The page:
Industry Watch


September 25, 2005|By FROM STAFF REPORTS

North side is focus of home-buying fair

Northern Neighborhoods will hold its second-annual home-buying fair from 2 p.m. to 4 p.m. today at the Belvedere Square parking lot, on Belvedere Avenue just east of York Road. The event will offer information as well as tours of participating neighborhoods and visits to open houses. Lenders and real estate and housing professionals also will be on hand. Buses leaving at staggered times will conduct hour-long tours, including stops at open houses, along two predesignated routes. Northern Neighborhoods is a group of city neighborhood associations roughly bounded by York Road and Perring Parkway/Hillen Road, from the city line to 36th Street.

Builders' optimism declines this month

Optimism among homebuilders this month was the lowest in more than two years as the cost of energy and lumber rose in the aftermath of Hurricane Katrina, a survey showed. The National Association of Home Builders/Wells Fargo's index of builder confidence fell to 65, the lowest since July 2003, from 67 in August, the Washington-based association reported last week. The decline was the third in a row. The group's gauge of buyer traffic fell to 47 this month from 50 last month. The current sales measure fell to 72 from 73, and expectations for the next six months declined to 69, the lowest since May 2003, from 77. "Many builders appear to be taking on a more cautious attitude because of uncertainties in the economy and this post-Katrina environment," Dave Wilson, president of the builders' association, said in a statement.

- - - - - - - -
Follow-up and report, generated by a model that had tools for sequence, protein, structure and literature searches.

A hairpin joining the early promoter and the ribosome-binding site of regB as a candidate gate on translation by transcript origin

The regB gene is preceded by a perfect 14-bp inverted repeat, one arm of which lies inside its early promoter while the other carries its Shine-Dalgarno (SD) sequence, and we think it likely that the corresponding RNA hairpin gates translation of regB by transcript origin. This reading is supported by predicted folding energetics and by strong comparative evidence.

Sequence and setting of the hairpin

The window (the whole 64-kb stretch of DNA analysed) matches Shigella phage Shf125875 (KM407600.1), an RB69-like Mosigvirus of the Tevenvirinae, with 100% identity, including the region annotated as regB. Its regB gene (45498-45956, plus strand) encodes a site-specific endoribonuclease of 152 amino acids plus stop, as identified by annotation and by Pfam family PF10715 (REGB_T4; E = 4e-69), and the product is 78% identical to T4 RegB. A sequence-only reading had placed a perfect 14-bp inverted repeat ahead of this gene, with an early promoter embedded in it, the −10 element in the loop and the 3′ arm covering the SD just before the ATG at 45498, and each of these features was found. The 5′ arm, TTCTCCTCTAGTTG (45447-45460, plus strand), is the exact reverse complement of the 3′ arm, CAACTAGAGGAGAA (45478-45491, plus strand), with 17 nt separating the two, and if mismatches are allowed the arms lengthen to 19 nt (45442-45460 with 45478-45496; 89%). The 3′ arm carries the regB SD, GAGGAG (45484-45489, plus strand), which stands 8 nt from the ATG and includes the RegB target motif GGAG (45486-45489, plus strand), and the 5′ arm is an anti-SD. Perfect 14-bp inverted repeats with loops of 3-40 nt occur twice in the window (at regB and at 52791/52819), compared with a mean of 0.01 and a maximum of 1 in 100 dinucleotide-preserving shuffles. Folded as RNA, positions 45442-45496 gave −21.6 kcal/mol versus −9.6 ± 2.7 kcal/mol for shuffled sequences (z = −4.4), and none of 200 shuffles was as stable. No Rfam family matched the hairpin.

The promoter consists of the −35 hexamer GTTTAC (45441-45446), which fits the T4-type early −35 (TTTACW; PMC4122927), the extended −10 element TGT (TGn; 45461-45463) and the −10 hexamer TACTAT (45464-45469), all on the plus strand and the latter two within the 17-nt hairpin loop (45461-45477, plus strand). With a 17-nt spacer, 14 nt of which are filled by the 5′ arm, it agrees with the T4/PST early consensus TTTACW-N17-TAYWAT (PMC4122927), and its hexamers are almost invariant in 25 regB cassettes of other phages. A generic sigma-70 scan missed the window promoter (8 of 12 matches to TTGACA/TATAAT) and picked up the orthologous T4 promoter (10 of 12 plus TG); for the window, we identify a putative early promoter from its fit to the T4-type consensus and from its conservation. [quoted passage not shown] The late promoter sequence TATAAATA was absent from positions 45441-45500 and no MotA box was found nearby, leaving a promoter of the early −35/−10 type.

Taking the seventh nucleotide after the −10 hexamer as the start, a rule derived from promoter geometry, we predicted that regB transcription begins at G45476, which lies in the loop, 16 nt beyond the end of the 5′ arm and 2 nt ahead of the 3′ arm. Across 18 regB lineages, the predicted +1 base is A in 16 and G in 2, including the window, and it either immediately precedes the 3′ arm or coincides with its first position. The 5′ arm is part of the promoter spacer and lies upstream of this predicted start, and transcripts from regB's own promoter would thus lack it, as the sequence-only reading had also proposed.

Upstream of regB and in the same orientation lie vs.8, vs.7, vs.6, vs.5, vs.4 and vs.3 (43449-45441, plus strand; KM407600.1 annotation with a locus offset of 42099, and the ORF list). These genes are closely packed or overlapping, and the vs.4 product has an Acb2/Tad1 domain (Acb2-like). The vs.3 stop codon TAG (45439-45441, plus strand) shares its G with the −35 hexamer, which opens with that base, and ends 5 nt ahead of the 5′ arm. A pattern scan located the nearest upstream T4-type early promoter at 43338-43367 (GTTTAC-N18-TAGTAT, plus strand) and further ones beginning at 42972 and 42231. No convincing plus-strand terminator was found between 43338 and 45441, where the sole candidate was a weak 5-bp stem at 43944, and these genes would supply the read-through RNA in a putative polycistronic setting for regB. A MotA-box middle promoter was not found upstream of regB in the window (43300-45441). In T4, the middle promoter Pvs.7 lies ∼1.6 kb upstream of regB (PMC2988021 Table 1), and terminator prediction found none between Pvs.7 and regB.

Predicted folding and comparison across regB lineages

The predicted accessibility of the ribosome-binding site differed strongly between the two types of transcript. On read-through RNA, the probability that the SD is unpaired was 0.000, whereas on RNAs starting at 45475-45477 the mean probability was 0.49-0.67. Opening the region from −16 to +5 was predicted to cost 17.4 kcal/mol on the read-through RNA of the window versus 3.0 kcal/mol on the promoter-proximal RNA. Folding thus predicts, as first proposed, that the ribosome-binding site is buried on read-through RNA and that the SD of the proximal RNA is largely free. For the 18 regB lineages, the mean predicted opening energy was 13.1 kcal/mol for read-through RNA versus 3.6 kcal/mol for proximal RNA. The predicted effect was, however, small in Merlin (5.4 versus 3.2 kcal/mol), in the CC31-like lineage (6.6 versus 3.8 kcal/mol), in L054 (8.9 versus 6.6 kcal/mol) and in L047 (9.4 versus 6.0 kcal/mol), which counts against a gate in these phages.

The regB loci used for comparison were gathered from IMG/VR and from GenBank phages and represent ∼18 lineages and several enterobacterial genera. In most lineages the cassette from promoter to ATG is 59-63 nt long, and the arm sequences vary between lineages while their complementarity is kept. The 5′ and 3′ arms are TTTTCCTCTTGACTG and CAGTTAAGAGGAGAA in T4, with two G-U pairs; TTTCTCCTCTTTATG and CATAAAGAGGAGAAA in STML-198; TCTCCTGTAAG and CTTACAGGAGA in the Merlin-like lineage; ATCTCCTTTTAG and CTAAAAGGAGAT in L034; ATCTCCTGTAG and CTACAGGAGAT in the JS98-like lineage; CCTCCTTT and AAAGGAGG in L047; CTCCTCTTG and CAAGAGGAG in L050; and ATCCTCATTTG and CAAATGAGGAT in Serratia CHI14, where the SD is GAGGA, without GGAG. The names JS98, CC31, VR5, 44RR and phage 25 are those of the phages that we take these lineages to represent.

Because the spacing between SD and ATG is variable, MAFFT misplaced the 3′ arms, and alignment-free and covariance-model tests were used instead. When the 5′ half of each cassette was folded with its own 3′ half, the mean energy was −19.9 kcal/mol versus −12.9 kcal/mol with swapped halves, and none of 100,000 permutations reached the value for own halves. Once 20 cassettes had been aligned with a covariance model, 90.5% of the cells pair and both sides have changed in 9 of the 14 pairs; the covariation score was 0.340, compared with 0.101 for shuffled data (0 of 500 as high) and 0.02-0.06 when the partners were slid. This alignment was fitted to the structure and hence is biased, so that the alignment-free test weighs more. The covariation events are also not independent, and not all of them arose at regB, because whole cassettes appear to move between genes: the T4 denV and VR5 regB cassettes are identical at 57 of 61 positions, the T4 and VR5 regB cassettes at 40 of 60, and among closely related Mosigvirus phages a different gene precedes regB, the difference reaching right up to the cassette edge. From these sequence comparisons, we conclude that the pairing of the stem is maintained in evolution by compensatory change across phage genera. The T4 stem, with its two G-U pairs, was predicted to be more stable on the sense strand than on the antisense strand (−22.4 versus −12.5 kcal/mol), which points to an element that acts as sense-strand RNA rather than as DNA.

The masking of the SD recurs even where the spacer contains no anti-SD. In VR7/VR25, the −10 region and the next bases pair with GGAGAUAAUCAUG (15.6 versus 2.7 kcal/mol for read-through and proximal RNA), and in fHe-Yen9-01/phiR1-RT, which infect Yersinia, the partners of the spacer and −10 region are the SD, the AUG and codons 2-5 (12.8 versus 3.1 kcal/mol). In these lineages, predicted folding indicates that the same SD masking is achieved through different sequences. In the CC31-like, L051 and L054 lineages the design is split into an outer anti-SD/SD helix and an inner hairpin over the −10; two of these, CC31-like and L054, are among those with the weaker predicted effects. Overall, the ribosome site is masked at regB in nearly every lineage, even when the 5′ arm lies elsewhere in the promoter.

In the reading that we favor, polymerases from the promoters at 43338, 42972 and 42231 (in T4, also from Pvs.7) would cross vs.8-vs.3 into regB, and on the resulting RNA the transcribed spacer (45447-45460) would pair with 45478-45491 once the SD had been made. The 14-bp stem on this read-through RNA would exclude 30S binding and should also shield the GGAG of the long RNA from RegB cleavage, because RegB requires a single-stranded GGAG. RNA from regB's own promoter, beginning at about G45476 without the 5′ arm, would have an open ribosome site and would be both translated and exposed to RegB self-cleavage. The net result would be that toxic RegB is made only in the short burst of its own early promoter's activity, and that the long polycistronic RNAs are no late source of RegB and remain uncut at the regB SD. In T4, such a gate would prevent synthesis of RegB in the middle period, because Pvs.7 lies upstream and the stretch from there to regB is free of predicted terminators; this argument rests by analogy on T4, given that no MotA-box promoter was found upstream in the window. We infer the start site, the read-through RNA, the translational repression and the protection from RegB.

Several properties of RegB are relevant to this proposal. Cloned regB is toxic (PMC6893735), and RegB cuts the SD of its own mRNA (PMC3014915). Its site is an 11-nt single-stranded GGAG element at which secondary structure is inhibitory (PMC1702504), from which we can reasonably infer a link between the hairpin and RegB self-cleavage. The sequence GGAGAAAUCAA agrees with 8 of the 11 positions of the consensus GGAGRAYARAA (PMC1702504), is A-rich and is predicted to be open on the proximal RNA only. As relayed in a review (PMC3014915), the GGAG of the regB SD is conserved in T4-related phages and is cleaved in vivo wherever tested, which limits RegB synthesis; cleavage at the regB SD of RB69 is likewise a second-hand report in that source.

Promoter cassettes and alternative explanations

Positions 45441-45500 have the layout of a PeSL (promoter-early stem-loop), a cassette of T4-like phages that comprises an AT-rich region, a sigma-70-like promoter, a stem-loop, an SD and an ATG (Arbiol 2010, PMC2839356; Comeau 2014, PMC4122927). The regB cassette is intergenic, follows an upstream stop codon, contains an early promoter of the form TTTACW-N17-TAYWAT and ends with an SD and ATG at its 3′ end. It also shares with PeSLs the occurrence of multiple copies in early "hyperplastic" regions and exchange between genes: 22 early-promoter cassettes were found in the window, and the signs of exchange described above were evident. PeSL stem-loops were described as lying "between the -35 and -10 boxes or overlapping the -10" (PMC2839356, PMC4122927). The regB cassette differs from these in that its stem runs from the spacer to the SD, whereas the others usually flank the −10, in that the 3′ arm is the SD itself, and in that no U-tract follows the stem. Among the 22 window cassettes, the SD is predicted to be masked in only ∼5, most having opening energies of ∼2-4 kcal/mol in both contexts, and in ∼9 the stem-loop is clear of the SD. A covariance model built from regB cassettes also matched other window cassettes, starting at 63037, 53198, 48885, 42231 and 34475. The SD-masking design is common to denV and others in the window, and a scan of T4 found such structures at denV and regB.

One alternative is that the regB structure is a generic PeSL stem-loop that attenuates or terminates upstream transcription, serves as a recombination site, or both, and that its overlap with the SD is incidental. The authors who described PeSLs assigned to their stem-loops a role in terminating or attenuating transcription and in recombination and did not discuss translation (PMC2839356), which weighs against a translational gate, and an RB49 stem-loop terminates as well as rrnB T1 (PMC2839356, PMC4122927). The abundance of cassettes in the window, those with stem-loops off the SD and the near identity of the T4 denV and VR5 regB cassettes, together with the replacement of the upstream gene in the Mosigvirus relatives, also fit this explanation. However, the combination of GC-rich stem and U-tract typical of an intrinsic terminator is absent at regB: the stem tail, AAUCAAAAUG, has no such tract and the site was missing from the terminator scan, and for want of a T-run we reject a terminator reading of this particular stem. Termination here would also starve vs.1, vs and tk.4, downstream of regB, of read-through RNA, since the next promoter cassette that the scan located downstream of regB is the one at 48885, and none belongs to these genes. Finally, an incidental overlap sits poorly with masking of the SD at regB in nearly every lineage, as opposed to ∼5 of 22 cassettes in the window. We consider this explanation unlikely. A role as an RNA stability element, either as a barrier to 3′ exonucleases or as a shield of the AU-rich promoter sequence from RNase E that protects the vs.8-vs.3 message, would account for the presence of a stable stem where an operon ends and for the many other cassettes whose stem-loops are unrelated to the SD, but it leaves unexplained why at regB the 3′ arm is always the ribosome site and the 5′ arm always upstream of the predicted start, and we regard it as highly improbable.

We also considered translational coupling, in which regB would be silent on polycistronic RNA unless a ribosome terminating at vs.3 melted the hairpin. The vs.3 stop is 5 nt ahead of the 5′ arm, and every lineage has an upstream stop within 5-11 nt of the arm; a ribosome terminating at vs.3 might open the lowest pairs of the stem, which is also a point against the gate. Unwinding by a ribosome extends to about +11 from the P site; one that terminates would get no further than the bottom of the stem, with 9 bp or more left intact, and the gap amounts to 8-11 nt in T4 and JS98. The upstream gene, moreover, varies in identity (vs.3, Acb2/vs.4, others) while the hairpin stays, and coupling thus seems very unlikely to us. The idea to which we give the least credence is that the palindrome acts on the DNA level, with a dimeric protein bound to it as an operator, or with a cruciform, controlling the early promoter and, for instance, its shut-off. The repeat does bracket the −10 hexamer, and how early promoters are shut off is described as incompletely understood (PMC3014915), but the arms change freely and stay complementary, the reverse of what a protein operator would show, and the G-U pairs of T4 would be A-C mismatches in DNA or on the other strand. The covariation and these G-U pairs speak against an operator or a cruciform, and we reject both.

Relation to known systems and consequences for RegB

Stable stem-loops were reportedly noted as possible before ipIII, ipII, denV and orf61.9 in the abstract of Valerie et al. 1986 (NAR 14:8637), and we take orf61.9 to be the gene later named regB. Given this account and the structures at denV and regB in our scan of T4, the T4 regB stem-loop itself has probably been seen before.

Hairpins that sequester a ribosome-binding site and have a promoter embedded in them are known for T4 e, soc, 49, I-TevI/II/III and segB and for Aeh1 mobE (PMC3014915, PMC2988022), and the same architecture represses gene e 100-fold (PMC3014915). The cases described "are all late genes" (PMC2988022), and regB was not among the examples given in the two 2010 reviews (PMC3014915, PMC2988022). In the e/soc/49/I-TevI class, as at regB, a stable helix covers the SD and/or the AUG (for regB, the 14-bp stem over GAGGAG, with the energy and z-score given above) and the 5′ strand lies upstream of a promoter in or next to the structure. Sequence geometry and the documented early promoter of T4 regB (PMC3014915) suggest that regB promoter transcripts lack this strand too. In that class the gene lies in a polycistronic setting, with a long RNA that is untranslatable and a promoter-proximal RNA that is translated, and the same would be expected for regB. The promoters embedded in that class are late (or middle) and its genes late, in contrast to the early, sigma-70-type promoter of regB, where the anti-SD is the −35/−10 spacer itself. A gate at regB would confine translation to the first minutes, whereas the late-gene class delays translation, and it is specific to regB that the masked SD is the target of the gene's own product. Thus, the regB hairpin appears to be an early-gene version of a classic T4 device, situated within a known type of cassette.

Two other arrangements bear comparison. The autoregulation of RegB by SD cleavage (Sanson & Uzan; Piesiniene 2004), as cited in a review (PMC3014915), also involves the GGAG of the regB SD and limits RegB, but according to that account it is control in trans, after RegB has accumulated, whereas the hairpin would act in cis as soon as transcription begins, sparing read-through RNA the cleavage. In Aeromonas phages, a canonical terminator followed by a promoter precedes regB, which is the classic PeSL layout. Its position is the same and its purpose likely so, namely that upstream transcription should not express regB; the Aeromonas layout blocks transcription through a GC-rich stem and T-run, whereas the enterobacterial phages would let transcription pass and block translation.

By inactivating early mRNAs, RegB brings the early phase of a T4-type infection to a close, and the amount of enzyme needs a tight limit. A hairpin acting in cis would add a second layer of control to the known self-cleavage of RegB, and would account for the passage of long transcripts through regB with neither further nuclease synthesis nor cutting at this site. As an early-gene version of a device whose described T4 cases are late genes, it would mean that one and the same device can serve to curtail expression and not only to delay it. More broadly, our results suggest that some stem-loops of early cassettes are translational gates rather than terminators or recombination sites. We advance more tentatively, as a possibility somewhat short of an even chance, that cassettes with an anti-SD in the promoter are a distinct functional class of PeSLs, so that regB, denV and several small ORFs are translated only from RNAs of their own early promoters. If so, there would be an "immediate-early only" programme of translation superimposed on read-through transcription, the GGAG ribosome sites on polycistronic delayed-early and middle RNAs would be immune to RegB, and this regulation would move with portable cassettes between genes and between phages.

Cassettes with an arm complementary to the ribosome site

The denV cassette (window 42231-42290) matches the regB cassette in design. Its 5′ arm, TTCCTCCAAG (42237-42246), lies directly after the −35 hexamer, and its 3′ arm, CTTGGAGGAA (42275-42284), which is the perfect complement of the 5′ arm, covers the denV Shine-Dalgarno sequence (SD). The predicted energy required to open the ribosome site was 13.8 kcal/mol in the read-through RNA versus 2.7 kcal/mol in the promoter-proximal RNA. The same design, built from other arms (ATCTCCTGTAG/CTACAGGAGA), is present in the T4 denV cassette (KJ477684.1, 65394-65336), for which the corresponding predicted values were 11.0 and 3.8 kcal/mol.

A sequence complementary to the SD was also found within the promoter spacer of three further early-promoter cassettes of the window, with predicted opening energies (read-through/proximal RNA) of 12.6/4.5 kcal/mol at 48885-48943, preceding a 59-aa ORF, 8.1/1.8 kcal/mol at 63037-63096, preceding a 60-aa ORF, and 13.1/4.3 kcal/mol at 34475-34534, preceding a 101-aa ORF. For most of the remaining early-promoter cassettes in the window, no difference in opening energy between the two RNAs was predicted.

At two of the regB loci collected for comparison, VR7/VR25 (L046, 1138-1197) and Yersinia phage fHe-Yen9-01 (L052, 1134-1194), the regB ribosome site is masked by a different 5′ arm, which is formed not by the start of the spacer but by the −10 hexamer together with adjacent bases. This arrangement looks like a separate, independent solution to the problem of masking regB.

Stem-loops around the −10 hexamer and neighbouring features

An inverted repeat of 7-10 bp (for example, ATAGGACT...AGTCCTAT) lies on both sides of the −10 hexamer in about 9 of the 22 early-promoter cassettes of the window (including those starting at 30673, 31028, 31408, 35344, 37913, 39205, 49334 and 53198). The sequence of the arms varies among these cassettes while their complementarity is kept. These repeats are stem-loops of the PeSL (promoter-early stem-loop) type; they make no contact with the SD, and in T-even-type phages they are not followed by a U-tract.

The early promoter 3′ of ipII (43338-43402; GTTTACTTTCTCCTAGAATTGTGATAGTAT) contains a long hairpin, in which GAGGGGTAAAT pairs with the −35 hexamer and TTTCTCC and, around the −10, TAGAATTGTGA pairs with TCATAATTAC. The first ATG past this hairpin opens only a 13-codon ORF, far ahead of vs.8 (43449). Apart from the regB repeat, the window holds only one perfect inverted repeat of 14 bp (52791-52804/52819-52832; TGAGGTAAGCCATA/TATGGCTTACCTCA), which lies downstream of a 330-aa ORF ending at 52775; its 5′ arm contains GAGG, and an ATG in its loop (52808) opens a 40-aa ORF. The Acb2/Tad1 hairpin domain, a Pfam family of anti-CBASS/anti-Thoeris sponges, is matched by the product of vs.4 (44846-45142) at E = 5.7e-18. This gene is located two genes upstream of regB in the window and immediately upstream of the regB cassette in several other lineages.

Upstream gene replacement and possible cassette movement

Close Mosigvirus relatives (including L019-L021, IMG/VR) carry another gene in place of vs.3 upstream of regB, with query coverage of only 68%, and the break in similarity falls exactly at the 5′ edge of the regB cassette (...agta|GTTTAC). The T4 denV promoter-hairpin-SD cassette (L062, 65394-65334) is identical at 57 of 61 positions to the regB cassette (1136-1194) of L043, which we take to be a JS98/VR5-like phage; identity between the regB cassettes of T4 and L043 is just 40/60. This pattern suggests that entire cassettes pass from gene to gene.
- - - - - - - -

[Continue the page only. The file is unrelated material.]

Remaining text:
Freddie Mac shifts securities strategy

Freddie Mac plans to increase the amount of adjustable-rate mortgages it packages into securities to safeguard its second-biggest source of income. Freddie Mac, the second-largest buyer of home loans, and the larger Fannie Mae guaranteed 40 percent of loans packaged as securities for sale to investors in the first half of the year, down from 70 percent in 2003, according to Inside MBS & ABS, a mortgage data service. Market share fell as the companies focused on fixed-rate loans, miscalculating the growth in mortgages with rates that fluctuate with the economy. Adjustable-rate mortgages taken out by consumers have doubled to 34 percent of all mortgages between 2002 and 2004, according to the Mortgage Bankers Association. "We are shifting our strategy," company President Eugene McQuade said in a speech last week in San Francisco. "We can't sit back and hope that the mix of mortgage products will cycle back to our traditional strengths."

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